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New York City’s Health Department announced Friday it will speed up the delivery of first doses of monkeypox vaccine to people in the city at high risk of contracting the disease. The move, it warned, may delay the city’s ability to dole out second doses to those who’ve been vaccinated — which would run counter to advice from the Food and Drug Administration and the Centers for Disease Control and Prevention.

“New York City is the epicenter of the monkeypox outbreak in the U.S. and yet does not have sufficient vaccine supply to reach the number of people who need it protect themselves,” the department said in a late afternoon press release. “Given the rapid increase in cases, the Health Department has decided that providing first doses to offer protection to more at-risk New Yorkers is the best strategy until we receive adequate vaccine supply.”


“Until there is sufficient supply in the city, all vaccine doses will be treated as first doses, and we will only begin scheduling second dose appointments once we have enough vaccine to do so. The department will communicate to people who have received first doses about when second doses are available and how to receive them.”

This approach is being used in the United Kingdom and in Canada, where decisions were made to focus on getting first doses of the vaccine into people at high risk of contracting monkeypox and worry later about catching up those people’s second doses. A similar strategy was employed by some countries — though not the United States — in the early days of the Covid-19 vaccine rollout.

The vaccine in question, Jynneos, is meant to be given in two doses, with the second jab administered 28 days after the first. And Peter Marks, director of the FDA’s Center for Biologics Evaluation and Research, stressed on Friday that is the way the agency believes the vaccine should be given.



“We do not recommend to go off of the recommended schedule here,” Marks said during a press conference organized by the Department of Health and Human Services to update the media on the administration’s monkeypox response.

“A single dose of this vaccine will not provide the kind of protection over time that is necessary if people continue this risky behavior,” Marks said. “So the two-dose regimen is the best that we can do to make sure that we actually have people get the protection that the vaccine is intended to provide.”

Vaccine is currently being offered both to people who are known contacts of monkeypox cases and men who have sex with men who are at high risk because they have multiple sex partners or partake in anonymous sex. For that latter group, the risk of contracting monkeypox is ongoing and one dose of vaccine will not offer enough protection, CDC Director Rochelle Walensky explained.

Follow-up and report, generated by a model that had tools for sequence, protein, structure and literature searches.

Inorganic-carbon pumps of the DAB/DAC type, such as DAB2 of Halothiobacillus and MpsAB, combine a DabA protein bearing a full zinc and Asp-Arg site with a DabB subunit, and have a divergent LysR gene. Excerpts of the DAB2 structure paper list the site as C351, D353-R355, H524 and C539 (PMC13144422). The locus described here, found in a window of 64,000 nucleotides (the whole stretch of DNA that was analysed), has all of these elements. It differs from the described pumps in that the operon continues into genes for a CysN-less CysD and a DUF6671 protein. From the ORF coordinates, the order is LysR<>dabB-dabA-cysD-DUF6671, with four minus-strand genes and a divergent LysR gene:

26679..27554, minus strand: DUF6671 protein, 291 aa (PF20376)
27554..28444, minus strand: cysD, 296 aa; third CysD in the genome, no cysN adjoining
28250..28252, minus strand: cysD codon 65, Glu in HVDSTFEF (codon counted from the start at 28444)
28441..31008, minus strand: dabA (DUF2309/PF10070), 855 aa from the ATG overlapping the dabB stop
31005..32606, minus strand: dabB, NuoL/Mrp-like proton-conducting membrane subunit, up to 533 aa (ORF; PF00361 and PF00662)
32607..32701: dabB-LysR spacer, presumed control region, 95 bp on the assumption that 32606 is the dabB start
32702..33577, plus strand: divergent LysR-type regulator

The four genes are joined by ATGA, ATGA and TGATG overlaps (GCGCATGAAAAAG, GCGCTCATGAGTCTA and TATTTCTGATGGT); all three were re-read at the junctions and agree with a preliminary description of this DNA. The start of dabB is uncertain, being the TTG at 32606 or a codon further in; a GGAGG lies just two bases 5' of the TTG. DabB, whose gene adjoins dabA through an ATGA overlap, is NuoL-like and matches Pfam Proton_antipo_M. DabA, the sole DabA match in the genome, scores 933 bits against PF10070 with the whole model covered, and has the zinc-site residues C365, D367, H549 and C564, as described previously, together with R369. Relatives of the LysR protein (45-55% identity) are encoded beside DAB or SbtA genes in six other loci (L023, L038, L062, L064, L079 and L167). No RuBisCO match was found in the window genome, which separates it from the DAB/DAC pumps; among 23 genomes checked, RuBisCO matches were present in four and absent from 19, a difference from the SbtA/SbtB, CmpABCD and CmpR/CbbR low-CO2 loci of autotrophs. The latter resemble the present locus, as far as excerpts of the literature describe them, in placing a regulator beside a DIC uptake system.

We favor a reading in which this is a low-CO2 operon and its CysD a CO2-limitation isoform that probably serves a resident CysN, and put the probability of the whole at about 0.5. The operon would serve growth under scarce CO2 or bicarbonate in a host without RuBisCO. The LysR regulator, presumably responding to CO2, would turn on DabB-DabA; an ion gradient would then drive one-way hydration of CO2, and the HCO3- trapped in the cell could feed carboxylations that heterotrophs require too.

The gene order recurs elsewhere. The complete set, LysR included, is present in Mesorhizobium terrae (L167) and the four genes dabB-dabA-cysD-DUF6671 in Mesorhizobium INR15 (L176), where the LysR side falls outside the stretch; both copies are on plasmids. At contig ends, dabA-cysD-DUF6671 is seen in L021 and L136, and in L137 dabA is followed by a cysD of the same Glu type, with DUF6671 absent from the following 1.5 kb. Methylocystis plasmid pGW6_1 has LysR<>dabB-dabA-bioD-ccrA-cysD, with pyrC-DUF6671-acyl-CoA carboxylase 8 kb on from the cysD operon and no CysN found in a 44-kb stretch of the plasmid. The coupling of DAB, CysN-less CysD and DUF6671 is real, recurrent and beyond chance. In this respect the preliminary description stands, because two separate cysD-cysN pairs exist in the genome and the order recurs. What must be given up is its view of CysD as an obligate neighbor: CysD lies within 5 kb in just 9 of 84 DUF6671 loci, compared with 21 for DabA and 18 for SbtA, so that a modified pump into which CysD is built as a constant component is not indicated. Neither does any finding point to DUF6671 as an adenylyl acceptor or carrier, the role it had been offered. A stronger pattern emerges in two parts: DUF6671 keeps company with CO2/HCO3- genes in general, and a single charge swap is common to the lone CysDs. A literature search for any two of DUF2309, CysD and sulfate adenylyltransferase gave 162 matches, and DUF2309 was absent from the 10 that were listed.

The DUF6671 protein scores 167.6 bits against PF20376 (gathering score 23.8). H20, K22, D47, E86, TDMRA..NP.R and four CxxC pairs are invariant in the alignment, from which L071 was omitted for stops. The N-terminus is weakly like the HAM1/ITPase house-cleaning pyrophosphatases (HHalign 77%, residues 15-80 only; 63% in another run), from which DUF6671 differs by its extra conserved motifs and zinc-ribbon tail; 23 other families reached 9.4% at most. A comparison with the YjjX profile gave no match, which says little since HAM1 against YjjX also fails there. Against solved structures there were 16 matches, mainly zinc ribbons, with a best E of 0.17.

“You just need a higher level of protection than one dose will give you. That’s really why we’re advocating for two doses,” Walensky told STAT in an interview.

Though the New York health department release raised the specter that second doses may have to be delayed because of the decision to prioritize the delivery of first doses, Walensky said the administration hopes to have enough vaccine by the end of the month to enable New York to give second doses on schedule.

“There’s going to be another allocation for New York that they’ll hear about today,” Walensky told STAT in an interview. “And we have a lot more doses coming, likely by the end of the month. And so we actually anticipate that we will have enough to cover their second doses when those doses come in.

“So we’re not asking New York — or anybody — to hold back doses right now because … we’re pretty confident that what’s going to come in is going to be able to cover those second doses,” she said.

New York City had been holding back 1,000 doses for second vaccinations, but will instead use them to expand the pool of people who can get a first shot, the health department said.

Demand for the vaccine has been high in the city, with vaccination appointments snapped up quickly whenever they become available. A block of appointments opened up online at 6 p.m. Friday for 9,200 doses that will administered in clinics in all five boroughs over the weekend. They were filled by 6:07 p.m.

As of Friday afternoon, the city had detected 461 cases of monkeypox — nearly a third of the cases in the entire country. As of Thursday, 43 states, the District of Columbia and Puerto Rico had reported 1,814 cases.

Walensky said that with the U.S. taking delivery of more vaccine, distribution allocation will start to focus on states with the highest number of cases.  “We are going to be allocating based on cases pretty heavily in this next round and so I anticipate that there will be a lot more supply for … New York.”

So far the administration has distributed 156,000 doses of monkeypox vaccines. It announced Friday that an additional 131,000 doses of the Jynneos vaccine — made by Bavarian Nordic, a Danish company — had arrived in the U.S. and would be shipped to states and territories immediately.

A further 780,000 doses are in the process of being approved for release and may arrive before the end of July.

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